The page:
I hadn’t lain next to my six-year-old for a long time, because this is the year she became a Big Girl, and learnt to take herself to bed. Beside me, she whispers stories to herself. Urgent. Animated. Dialogue rapid and varied, as she swings between characters. Her narrator voice, too, is strong.
‘Go to sleep,’ I urge. ‘School tomorrow.’
But, she carries on, without a pause. Suddenly, she stops. Then I realise. She was telling herself a story to help herself sleep. The girl who never easily slept. Who feared sleep – dreaded sleep, because it took so long to arrive. The girl who learnt to whisper stories that form into dreams.

Here’s what I know…

A littler girl, my three-year-old, spends ten or so minutes getting dressed. She needs long socks. But the right kind of long. She needs big shoes. But black, and bigger. She needs sticking-out plaits, nothing less than horizontal. I do my best to meet her Pippi requirements.
‘Annika,’ she asks her big sister through the day, ‘does Pippi like bananas?’
‘Yes,’ says Annika. So Pippi eats a banana.

‘Annika, does Pippi like riding bikes?’
‘Yes,’ says Annika. So Pippi rides a bike.
‘Annika, does Pippi like broccoli?’
‘Yes,’ says Annika. So Pippi eats broccoli, and I smile over the top of my three-year-old’s head at ‘Annika’. Thank you, I say with my eyes, and she nods in an understanding way.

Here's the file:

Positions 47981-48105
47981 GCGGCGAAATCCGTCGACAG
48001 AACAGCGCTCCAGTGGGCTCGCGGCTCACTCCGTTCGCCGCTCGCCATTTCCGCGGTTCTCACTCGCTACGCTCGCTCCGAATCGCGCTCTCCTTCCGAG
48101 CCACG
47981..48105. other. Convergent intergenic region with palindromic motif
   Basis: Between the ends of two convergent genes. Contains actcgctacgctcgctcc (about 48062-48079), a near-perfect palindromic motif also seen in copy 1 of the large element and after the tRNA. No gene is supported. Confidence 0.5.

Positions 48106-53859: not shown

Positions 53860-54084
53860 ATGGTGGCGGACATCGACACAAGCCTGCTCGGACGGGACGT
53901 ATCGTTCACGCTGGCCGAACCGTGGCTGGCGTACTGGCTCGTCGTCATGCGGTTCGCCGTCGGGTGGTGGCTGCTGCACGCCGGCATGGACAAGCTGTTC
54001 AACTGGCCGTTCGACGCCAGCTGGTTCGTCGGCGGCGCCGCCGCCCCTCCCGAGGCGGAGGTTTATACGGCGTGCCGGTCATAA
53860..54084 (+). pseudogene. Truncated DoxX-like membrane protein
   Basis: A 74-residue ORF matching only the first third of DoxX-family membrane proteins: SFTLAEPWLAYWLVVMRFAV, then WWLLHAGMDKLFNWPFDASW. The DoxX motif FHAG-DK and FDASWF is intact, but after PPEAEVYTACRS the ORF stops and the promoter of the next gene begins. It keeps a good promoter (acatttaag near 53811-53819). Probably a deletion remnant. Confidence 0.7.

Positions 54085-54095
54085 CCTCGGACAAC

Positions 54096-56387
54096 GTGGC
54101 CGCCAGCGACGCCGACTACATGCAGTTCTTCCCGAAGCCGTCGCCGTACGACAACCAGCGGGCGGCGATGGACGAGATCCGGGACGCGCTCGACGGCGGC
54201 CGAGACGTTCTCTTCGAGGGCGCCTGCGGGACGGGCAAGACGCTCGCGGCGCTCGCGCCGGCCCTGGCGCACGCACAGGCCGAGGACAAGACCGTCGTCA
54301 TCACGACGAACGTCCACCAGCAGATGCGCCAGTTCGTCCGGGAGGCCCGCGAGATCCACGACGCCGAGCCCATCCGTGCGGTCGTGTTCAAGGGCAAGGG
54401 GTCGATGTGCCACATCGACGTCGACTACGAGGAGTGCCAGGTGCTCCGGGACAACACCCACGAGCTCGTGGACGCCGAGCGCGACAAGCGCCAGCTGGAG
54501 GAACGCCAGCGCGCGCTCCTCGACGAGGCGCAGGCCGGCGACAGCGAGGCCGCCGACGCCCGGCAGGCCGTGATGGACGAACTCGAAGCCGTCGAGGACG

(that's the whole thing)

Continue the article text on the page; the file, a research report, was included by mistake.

Here’s what I know…

While Gregor paints houses, I relax into days with my kids. I am soaking up time with them while I have them. Before my eldest is at school full time, and while my youngest is still at home. I literally can’t get enough of them.
Today, though, one is at a birthday party, and the other is at school. I have been at home since 8.30 writing. It is now nearly 7pm. I took a break for lunch, and a run, and now a blog. But those hours have been time enough to lose myself in a new manuscript.
I have always written, and studied a little bit of creative writing at university. Yet I still feel like such a novice. So I have been reading books about writing, critically reading every children’s book I can, attending workshops and doing online courses. There is still so much more I need to know, but even reading manuscripts I worked on a few weeks ago, I realise how much I am learning. And need to learn.
In the last three weeks, I’ve started three different manuscripts. I get so lost in each one, plot, characters and story forms, then a new voice leaps into my head while I am riding my bike, and a whole new outline starts to emerge. I am sticking to the one I am working on today, though, until it’s finished. The story is captivating enough to keep me going. I love the characters. A boy who talks to his resident tortoise, the only one in his life who truly understands him. A mother who blindly follows her criminal husband. A little girl, who blindly follows her new friend, knowing that everything will work out in the end.
Words drip and drip and drip, and it’s such a 
pleasure to write. My daughter needs stories to sleep. I need stories to fill my day.

But maybe we all do.